OUR WATER: Twin Buttes gains 1.4 billion gallons in 24 hours, still rising


SAN ANGELO, Texas — Heavy rains in the Mertzon area started swelling Spring Creek in the early hours of May 8, 2019. The runoff, pouring over several dams, closing low water crossings, sweeping debris and silt with the flow, is making its way into the Twin Buttes Reservoir.

As of 7:00 a.m. May 9, 2019, the runoff has raised the level of Twin Buttes by .84’ (10 3/32”) adding 5,715 acre feet to the basin (1.4 billion gallons) in 24 hours making the reservoir 71.94% full, the most water it has impounded in decades. As of this writing the Spring Creek runoff is slightly waning in volume, but rains forecast for the next few days could see it pick back up again as well as cause the other input streams into the Twin Buttes system to increase in volume.

The O.H. Ivie Reservoir also saw significant gains from recent runoffs. As of 7:00 a.m. May 9, 2019, the reservoir impounds 331,400 acre feet (107.9 billion gallons) of water bringing it to 59.78% full. The mighty reservoir now holds more than Twin Buttes and E.V. Spence combined. Runoff has continued for months unabated into Ivie from multiple sources. Its drainage area covers 12,647 square miles of West Texas.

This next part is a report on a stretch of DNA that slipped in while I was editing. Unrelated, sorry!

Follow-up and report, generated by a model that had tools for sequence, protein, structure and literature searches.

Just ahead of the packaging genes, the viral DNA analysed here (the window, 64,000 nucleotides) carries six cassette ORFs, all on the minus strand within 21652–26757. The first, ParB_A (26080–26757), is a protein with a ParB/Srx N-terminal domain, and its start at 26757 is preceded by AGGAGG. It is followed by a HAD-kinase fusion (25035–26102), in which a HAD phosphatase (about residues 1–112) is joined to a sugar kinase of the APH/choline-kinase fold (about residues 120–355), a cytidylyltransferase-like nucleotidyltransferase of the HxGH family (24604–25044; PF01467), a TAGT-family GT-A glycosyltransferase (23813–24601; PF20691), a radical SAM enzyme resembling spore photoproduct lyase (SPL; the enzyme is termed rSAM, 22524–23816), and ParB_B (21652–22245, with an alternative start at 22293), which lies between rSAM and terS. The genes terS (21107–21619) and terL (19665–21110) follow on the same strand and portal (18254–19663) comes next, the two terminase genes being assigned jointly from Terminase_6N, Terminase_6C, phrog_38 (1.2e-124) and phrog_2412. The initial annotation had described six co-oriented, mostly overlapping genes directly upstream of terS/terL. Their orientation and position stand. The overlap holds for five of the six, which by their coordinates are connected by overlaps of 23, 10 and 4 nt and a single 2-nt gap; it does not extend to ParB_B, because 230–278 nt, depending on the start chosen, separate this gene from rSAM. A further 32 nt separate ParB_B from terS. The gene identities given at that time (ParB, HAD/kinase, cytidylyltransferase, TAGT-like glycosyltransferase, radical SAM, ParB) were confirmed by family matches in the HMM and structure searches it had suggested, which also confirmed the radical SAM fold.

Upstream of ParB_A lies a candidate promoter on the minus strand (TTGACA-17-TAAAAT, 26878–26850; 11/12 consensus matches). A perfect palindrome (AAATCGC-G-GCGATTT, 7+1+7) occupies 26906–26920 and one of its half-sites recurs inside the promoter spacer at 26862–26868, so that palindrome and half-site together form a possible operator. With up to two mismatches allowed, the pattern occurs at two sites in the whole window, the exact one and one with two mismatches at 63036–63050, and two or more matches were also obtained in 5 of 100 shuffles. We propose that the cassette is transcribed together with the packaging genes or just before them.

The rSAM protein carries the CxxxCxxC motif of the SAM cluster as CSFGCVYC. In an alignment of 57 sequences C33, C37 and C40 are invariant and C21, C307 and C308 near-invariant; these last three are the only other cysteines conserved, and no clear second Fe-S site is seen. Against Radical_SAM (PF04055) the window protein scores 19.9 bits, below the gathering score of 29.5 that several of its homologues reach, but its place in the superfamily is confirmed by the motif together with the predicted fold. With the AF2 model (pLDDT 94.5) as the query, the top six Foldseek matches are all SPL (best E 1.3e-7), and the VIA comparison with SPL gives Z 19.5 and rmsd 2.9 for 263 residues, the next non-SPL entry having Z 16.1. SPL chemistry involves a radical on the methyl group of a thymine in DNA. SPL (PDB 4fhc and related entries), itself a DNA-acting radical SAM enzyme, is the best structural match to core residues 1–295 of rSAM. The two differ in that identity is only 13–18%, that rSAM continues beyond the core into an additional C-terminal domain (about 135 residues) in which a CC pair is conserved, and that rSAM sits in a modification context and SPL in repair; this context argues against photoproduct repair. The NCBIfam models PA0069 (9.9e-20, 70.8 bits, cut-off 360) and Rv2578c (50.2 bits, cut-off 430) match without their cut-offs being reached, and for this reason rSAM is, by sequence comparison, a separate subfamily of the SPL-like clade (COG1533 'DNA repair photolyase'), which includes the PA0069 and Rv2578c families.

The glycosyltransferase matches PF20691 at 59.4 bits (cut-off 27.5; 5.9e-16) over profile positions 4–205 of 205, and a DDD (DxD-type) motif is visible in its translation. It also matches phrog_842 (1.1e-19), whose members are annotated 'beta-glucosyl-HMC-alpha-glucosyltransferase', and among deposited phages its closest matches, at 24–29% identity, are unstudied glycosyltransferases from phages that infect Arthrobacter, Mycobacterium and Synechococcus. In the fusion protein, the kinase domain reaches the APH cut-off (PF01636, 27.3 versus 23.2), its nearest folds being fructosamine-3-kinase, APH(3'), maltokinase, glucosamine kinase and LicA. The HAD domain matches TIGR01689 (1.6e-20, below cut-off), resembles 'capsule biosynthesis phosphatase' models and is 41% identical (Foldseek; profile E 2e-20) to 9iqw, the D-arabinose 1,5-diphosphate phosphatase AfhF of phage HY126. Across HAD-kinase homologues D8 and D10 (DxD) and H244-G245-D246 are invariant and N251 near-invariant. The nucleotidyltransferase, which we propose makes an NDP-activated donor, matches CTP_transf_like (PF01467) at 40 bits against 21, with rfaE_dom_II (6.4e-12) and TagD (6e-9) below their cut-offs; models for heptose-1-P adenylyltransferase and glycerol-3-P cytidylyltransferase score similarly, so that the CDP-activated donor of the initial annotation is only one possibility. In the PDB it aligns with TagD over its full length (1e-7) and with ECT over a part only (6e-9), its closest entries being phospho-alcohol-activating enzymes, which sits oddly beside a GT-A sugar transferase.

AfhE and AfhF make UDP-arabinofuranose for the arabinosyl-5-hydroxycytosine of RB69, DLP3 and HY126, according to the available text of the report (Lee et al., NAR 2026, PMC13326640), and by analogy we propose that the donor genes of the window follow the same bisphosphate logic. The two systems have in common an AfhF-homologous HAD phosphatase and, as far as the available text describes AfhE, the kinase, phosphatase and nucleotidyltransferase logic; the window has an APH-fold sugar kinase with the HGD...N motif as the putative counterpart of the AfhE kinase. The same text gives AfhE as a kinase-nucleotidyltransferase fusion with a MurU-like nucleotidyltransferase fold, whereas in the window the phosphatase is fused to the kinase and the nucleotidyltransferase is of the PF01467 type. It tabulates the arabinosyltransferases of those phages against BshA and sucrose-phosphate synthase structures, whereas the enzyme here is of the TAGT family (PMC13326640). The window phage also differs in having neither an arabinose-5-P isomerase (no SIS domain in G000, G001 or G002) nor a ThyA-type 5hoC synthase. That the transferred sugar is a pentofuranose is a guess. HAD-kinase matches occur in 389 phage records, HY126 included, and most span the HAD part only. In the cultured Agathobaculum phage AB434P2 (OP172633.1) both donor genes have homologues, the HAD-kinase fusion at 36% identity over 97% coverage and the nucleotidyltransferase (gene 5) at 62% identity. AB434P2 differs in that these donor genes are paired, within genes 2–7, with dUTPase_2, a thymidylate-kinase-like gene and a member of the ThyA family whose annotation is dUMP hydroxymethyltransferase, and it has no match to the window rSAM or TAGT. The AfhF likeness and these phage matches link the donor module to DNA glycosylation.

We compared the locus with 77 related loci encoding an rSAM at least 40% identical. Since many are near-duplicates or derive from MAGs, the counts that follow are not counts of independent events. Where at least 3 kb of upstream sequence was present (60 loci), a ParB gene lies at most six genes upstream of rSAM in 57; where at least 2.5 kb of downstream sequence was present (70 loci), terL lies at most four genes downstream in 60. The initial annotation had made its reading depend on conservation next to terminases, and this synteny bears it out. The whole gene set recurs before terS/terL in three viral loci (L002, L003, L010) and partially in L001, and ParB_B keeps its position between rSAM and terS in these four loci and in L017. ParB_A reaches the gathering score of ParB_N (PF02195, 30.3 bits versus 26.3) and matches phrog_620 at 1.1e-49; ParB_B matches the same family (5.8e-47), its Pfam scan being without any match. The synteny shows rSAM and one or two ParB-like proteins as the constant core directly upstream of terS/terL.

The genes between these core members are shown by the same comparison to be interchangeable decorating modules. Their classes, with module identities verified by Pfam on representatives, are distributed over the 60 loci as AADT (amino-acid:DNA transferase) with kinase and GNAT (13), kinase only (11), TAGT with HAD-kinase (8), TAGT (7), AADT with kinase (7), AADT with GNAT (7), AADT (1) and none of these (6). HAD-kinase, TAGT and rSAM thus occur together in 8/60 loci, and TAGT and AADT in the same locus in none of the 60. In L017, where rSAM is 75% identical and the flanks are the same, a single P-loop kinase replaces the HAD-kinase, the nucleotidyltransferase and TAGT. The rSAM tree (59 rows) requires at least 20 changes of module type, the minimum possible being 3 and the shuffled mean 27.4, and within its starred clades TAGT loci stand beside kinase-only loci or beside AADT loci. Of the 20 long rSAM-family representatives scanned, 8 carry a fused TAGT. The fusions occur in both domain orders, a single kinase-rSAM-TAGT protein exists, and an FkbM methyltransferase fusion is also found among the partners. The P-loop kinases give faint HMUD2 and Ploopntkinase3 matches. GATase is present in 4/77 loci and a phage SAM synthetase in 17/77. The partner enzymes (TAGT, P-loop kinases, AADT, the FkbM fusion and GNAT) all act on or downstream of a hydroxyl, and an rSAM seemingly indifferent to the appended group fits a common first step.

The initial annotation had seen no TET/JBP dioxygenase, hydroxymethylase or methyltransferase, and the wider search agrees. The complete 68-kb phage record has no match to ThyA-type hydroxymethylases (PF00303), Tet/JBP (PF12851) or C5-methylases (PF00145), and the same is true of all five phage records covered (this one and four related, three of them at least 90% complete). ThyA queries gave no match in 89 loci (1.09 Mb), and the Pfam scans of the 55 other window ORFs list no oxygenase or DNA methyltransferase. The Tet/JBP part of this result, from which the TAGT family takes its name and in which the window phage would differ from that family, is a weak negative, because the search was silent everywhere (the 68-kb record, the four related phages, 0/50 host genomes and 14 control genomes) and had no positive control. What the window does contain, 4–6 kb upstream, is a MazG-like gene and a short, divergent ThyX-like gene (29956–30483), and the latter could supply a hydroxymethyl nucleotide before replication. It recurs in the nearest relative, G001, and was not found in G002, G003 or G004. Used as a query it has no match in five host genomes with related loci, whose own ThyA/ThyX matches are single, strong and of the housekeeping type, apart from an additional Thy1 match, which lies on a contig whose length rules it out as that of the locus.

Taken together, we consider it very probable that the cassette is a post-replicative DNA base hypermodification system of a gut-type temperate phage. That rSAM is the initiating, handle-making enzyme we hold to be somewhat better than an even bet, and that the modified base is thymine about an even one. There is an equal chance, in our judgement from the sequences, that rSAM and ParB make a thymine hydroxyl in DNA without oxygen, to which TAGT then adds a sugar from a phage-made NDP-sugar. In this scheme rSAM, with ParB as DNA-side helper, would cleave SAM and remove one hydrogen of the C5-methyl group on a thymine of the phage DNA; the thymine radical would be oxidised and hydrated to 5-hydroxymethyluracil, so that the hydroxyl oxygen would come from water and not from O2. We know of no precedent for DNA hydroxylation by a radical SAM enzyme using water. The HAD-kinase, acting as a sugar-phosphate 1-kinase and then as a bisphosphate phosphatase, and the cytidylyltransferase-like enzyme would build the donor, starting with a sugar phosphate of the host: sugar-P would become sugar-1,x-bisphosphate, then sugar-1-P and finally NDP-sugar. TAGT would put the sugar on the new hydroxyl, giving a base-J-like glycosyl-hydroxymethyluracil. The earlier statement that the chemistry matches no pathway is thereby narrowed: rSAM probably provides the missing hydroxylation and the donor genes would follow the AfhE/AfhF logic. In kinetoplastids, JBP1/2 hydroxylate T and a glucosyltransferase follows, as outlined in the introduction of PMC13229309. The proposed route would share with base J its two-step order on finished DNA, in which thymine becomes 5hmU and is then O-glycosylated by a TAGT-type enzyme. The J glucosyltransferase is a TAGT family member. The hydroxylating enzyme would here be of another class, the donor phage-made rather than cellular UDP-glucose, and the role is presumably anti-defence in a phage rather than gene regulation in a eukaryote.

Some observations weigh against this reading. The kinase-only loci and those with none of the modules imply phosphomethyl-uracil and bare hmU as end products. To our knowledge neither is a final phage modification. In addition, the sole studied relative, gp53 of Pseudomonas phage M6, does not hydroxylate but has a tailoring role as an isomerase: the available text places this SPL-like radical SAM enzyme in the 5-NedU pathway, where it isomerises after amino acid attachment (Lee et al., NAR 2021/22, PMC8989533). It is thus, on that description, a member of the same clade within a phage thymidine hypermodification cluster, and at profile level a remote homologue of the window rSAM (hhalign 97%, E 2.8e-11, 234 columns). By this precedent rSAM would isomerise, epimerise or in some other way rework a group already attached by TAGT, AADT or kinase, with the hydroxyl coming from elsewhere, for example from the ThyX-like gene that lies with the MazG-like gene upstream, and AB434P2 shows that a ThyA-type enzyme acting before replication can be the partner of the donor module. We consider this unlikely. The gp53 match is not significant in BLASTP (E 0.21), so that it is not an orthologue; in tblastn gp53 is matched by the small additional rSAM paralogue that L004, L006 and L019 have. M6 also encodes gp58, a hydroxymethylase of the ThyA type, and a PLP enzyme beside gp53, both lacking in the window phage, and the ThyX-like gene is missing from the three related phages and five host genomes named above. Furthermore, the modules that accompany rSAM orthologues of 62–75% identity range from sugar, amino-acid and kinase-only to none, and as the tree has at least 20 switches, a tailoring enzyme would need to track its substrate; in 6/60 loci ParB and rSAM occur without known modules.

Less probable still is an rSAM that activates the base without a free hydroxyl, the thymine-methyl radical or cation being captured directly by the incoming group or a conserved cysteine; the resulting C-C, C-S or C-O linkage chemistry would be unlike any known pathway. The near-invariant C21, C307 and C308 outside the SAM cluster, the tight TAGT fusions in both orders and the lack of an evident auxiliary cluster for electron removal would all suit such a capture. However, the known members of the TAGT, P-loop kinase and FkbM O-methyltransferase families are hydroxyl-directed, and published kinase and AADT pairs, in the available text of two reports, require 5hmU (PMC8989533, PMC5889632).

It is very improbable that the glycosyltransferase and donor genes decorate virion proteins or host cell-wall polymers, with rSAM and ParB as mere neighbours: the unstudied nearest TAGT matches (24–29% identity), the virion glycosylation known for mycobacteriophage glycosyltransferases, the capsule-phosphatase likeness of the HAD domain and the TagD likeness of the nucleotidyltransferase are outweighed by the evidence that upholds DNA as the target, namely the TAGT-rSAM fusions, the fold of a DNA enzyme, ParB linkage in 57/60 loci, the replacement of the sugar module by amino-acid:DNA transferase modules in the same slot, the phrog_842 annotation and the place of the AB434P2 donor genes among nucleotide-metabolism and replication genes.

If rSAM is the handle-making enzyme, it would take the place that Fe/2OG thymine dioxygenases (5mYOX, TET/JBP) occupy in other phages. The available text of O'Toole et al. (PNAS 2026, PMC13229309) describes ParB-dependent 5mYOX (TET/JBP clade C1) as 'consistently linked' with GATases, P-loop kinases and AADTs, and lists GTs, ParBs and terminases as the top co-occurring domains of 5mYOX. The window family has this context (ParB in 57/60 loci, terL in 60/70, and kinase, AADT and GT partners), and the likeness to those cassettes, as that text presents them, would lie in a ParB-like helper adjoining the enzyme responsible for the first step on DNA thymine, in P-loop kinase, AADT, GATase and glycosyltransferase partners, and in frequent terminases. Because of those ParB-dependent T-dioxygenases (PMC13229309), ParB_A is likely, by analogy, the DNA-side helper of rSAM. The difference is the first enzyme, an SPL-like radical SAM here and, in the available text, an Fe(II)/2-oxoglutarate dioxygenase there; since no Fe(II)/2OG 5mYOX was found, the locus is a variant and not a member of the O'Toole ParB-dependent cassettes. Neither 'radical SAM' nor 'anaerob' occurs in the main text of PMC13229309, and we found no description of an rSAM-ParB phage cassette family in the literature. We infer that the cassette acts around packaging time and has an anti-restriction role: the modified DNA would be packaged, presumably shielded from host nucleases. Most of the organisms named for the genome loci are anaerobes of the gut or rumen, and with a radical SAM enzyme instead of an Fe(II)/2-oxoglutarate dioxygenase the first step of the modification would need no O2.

The E.V. Spence Reservoir near Robert Lee saw a jump of 800 extra acre feet (260.6 million gallons), a rise in elevation of .11’ (1 5/16”) in the last 24 hours, bring it to a total of 141,800 acre feet (46.2 billion gallons, 27.4% full) impounded at the current time.

O.C. Fisher can’t catch a break. Almost no new water registered for the North Concho watershed, the reservoir remains just under 12% full.

The Oak Creek Reservoir near Blackwell jumped with the recent rains to over-top its spillway by .91’, bring it to 106% full. The spillway has continuously over-topped at various levels since September of 2018. The water from Oak Creek finds its way into O.H. Ivie.

Pecan Creek, the only natural inflow of water into Lake Nasworthy, rose a few feet for a short period of time helping bring Lake Nasworthy up a nudge to 8,846 acre feet (2.8 billion gallons) making it weigh in at 92% full.

More rains are in the forecast starting Friday and through the weekend for the Concho Valley. With the soils still being deeply saturated from the heavy late 2018 rains, any rainfall has a good chance of creating significant runoff into the reservoirs.

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Water Conservation Status

Standard Conservation

San Angelo is in standard conservation, which restricts outside watering to once every seven days at no more than 1 inch per week. Runoff of more than 150 feet down any street, gutter, alley or ditch is prohibited.

Report watering violations by clicking on https://www.cosatx.us/departments-services/water-conservation/report-a-water-violation or calling 325-657-4409. Do your part; be water smart!